Growth characterizes life. It is the sign, the performance of living being. By this way, we see life to be a sort of interaction, maybe a system or series of them, or perhaps a chaotic emergence from a disorderly jumble. Regardless, we can take this meaning, this basic criterion, and use it to expand our vision of life and the living.
A garden is a place of life– of course it is, for things grow in it. Plants do: during this midsummer week, we are enjoying tomatoes, cucumbers, peppers, snow peas, lettuce, kale, chard, squash, and much more, all of it mere seed months ago; so do insects: our garden, host to those both pesky and prosperous, at least to food-directed attentions; so, too, do people: students, faculty, staff, friends, community members, committed volunteers and passers-by. The Garden radiates life, in forms and facets I could endlessly describe, and would always fail to communicate.
I grow in the Garden. I am the Community Garden Manager. My given name is Brian. I find dawn in me, there, when dawn is upon me there; some days are a perpetual morning. However, I write not to speak of me, but to speak of the Community Garden. It also lives; it grows, marks its living by change; it interacts with those around it in myriad manners.
It interacts with Skidmore’s Dining Services, as daily crates of vegetables are hand-delivered to smiling chefs; it interacts with youth, as those from Camp Northwoods, the Apple Blossom Bunch, the Greenberg Child Care Center, Skidmore’s Pre-College Program, and those under no aegis, accompanied by family or friends, work or play or explore in the space. The Garden interacts with the sky, as rain pours forth into its rows and troughs, and with the land around it, exchanging matter via flows which no fence can stymie; it also interacts with itself, its component pieces achieving in spontaneity something like divine choreography.
I attest, also, that it grows. The Garden once fell upon a different plot of land. Last season it made its way, both through human ardor and much on its own, to a new location, larger than the previous; it now sits on the Wieking Green, connected by appendage to the central nervous system of the campus. Once flat green grass, curved and angular mounds of brown came to populate the area; trellis structures were erected, a shed imported, a fence installed.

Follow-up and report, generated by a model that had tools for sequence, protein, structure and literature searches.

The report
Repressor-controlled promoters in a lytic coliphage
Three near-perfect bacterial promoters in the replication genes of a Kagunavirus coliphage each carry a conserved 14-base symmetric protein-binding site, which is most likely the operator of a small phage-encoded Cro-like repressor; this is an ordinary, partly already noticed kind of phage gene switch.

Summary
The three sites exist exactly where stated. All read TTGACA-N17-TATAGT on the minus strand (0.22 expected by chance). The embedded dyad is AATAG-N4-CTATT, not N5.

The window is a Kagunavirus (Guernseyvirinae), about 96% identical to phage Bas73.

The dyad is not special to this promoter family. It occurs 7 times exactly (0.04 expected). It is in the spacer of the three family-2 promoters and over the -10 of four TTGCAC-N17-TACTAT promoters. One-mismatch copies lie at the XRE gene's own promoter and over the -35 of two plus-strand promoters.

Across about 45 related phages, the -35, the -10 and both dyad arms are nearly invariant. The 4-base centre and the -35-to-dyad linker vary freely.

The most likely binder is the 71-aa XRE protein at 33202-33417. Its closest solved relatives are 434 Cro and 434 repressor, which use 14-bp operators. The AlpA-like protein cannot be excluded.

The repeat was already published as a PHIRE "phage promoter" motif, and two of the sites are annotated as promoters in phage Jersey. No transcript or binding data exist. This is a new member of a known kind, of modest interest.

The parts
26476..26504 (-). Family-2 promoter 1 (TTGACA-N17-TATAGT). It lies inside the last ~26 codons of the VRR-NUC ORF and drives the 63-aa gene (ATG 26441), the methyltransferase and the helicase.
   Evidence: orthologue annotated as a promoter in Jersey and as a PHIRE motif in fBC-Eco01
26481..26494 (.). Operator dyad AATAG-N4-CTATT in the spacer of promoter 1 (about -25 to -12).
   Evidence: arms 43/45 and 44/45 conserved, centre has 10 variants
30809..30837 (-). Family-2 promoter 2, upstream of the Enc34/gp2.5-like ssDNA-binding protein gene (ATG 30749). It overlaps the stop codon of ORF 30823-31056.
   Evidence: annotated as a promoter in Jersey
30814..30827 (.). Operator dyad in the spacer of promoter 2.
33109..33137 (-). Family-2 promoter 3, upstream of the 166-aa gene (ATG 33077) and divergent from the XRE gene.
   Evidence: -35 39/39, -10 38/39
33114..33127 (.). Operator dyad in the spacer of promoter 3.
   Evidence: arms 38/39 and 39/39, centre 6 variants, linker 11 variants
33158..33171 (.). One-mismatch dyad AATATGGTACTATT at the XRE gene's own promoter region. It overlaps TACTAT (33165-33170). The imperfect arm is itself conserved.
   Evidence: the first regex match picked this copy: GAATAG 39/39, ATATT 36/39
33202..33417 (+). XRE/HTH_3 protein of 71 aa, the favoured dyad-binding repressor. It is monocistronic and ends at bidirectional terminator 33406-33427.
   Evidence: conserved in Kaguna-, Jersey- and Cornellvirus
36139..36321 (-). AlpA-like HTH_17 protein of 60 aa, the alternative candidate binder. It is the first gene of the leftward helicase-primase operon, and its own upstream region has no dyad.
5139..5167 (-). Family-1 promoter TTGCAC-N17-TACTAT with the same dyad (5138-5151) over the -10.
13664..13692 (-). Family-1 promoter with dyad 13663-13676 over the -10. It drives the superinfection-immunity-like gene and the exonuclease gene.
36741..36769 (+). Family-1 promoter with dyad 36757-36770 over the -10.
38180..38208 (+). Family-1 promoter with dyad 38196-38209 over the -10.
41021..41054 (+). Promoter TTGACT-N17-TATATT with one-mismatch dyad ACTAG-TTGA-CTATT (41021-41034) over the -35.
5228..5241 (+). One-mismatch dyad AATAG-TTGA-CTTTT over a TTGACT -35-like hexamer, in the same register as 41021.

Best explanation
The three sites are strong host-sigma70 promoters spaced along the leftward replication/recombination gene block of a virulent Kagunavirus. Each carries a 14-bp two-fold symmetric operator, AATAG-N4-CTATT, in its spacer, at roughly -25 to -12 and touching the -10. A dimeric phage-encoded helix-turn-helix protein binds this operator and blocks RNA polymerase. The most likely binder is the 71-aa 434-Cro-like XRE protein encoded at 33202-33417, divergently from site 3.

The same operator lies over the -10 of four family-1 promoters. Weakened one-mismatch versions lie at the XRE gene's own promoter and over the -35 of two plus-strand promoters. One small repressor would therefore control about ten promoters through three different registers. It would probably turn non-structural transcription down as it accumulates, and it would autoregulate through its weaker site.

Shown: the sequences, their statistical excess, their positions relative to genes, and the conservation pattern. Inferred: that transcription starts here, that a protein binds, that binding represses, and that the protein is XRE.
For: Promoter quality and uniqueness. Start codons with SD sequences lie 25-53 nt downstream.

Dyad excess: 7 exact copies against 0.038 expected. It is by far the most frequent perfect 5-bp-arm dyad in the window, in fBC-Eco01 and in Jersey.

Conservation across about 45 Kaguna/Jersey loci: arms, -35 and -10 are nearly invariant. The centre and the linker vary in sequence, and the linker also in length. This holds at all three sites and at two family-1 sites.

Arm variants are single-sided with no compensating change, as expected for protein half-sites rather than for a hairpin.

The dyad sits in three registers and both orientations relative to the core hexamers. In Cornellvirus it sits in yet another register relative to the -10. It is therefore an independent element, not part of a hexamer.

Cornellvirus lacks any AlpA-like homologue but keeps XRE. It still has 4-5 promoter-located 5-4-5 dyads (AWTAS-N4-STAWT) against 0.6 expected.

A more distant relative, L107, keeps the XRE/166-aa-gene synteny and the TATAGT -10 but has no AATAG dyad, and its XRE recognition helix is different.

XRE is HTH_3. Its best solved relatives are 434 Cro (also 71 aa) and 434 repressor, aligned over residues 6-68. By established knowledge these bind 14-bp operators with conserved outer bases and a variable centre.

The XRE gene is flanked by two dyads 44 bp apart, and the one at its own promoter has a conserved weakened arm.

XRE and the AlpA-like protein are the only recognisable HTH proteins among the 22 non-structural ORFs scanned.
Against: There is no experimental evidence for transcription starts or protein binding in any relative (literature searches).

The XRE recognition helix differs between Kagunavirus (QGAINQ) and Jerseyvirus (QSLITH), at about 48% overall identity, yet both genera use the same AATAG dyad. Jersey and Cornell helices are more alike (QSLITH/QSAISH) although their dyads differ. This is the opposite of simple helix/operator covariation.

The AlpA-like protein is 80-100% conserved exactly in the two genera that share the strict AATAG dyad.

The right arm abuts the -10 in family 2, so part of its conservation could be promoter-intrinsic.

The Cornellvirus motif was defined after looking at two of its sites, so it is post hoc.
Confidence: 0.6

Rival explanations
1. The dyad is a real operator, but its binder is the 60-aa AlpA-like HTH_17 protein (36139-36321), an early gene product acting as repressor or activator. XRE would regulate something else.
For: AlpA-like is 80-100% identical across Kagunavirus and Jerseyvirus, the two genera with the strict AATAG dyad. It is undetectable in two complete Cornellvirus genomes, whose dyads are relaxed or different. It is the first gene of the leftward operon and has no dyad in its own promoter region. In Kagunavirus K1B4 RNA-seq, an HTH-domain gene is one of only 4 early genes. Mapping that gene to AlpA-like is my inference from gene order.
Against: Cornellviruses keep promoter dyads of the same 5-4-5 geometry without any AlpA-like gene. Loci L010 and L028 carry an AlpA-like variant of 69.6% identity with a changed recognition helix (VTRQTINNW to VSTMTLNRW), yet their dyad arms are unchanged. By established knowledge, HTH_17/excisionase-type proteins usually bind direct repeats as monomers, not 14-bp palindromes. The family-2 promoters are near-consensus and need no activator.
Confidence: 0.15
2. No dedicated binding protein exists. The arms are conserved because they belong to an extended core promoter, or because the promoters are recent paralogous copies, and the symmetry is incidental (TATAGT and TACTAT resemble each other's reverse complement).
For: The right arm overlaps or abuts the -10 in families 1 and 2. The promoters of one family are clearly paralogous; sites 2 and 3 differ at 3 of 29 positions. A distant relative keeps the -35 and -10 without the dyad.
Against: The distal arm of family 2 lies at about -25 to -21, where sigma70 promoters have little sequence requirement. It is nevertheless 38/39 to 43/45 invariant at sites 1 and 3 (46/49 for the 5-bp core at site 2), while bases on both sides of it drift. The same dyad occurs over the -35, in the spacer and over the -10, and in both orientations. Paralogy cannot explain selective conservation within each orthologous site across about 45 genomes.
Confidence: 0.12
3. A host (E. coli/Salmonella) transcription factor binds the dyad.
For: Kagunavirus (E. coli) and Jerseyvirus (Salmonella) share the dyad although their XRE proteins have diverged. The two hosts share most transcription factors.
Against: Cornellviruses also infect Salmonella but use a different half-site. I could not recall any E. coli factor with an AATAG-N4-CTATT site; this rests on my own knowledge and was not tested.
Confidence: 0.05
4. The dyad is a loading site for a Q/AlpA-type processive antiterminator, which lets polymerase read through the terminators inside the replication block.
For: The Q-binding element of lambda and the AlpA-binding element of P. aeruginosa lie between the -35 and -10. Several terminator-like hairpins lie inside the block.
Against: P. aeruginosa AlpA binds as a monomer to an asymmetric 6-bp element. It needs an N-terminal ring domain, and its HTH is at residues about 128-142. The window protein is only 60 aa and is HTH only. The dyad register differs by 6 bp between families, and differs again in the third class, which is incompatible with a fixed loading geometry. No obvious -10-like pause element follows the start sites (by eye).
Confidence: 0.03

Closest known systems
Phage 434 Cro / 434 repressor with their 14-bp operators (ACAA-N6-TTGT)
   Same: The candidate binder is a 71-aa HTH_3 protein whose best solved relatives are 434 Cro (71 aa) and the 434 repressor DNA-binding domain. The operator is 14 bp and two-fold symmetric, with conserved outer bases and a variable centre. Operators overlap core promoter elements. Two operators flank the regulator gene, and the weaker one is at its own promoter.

This year, after a winter hard and hoary, the Garden grows still. An arbor is in construction, to host climbing crops, welcome visitors, and offer them a place to repose. The Garden has extended its offerings beyond vegetables, now also composed of shiitake mushroom logs, inoculated by volunteers but growing for themselves. It grows, also, to touch new people, and to show them new things, thereby growing itself again as they return effort, energy, ideas to it.
And yet through this there is a persistence, an essence of the Skidmore Community Garden I will not now strive to intimate to you. The essence is diaphanous, but it has tangible elements. It appears various for how variously we might glance toward it. But an inkling that occurs to me, as I look back over my seven months as Manager, three years as a volunteer, and five as a gardener in one form or another, is the persistence of an idea; through the Community Garden’s developments and modulations, its growths this year and in years past, a basic thread runs. Its strands are community, education, edification, honesty, sustainability, humility, joy, togetherness, a balance of difference and sameness in all its respects; its strands split into more, and more detail, the more I make to unweave and winnow them apart. They multiply beyond my command, this essence does, living like some weed more vital than any crop I have sown. But you’ll have to stop by the garden to see what I mean.
To learn more, find out how to get involved, ask a question, offer an idea, or for anything else, please email: firstname.lastname@example.org
Written by: Brian Fredericks ’16